healthcare facility or emergency shelter to their home or community by
providing short-term ramp loans when the lack of a ramp is a barrier to the
individual’s discharge or return home; reduce the transition time by
providing access to short-term loans (up to three months) of portable ramps
during the transition period; increase education around the use of and need
for ramp access across North Carolina by providing awareness events of
NCATP services, including the portable ramp loan program, within the
medical discharge planning, emergency preparedness, and the disability
service communities. Twenty outreach events were held in which NCATP
distributed information to 13,200 individuals statewide. In addition, they
provided direct information to 1,250 people, 250 of those were people with
spinal cord injuries, 375 with other mobility impairments, and 625 family
members/caregivers. 19,000 copies of the RAMMP brochure have been

South Carolina Assistive Technology Program, University of South Carolina School of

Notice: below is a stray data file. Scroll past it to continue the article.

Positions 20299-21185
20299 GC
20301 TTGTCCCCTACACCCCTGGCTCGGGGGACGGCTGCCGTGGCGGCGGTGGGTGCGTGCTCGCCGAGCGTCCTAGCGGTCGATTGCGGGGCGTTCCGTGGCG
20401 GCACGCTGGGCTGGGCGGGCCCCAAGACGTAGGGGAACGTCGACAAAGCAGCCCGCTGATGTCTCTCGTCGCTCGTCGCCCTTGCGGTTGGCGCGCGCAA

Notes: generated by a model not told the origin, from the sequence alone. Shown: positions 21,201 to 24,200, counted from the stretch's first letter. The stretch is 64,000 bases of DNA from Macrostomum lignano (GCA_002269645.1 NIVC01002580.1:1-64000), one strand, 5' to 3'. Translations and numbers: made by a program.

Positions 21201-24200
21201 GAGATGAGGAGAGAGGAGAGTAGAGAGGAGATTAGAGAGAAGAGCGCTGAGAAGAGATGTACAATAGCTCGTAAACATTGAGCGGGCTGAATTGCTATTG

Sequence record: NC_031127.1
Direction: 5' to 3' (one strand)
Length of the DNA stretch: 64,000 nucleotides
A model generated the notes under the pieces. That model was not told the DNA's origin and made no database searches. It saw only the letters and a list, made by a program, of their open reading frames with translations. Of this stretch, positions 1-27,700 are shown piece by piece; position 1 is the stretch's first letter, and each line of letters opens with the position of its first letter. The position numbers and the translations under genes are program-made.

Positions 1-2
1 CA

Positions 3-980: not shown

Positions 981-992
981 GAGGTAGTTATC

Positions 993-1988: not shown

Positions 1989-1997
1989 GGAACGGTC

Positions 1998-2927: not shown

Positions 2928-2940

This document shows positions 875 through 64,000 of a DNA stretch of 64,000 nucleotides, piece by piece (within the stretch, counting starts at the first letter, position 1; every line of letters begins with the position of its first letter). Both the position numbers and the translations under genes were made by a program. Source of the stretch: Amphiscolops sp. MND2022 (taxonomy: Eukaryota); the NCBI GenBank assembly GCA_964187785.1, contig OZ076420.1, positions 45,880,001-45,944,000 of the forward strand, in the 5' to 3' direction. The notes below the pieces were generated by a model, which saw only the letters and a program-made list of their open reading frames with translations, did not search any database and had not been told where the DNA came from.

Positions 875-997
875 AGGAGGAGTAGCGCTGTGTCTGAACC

Medicine, Center for Disability Resources, Columbia, SC: $74,808

This HIIAT grant supported Eye Gaze Communications Solutions, a project
that improved access to eye gaze devices focused on improving
communication for individuals living with paralysis caused by spinal cord
injury, stroke, traumatic brain injury, ALS, and cerebral palsy. The project
focused on underserved, low-income South Carolinians with these
conditions, and was accomplished by creating partnerships with agencies to
identify individuals for which eye gaze technology was appropriate, training
these individuals to use the devices through a personal demonstration, and
by providing training for caregivers and professional staff who provided care
for the individuals with paralysis. A goal of this project was to capture the
entire lifespan of the process to identify barriers to success and, more
importantly, the strategies used to overcome these barriers to ultimately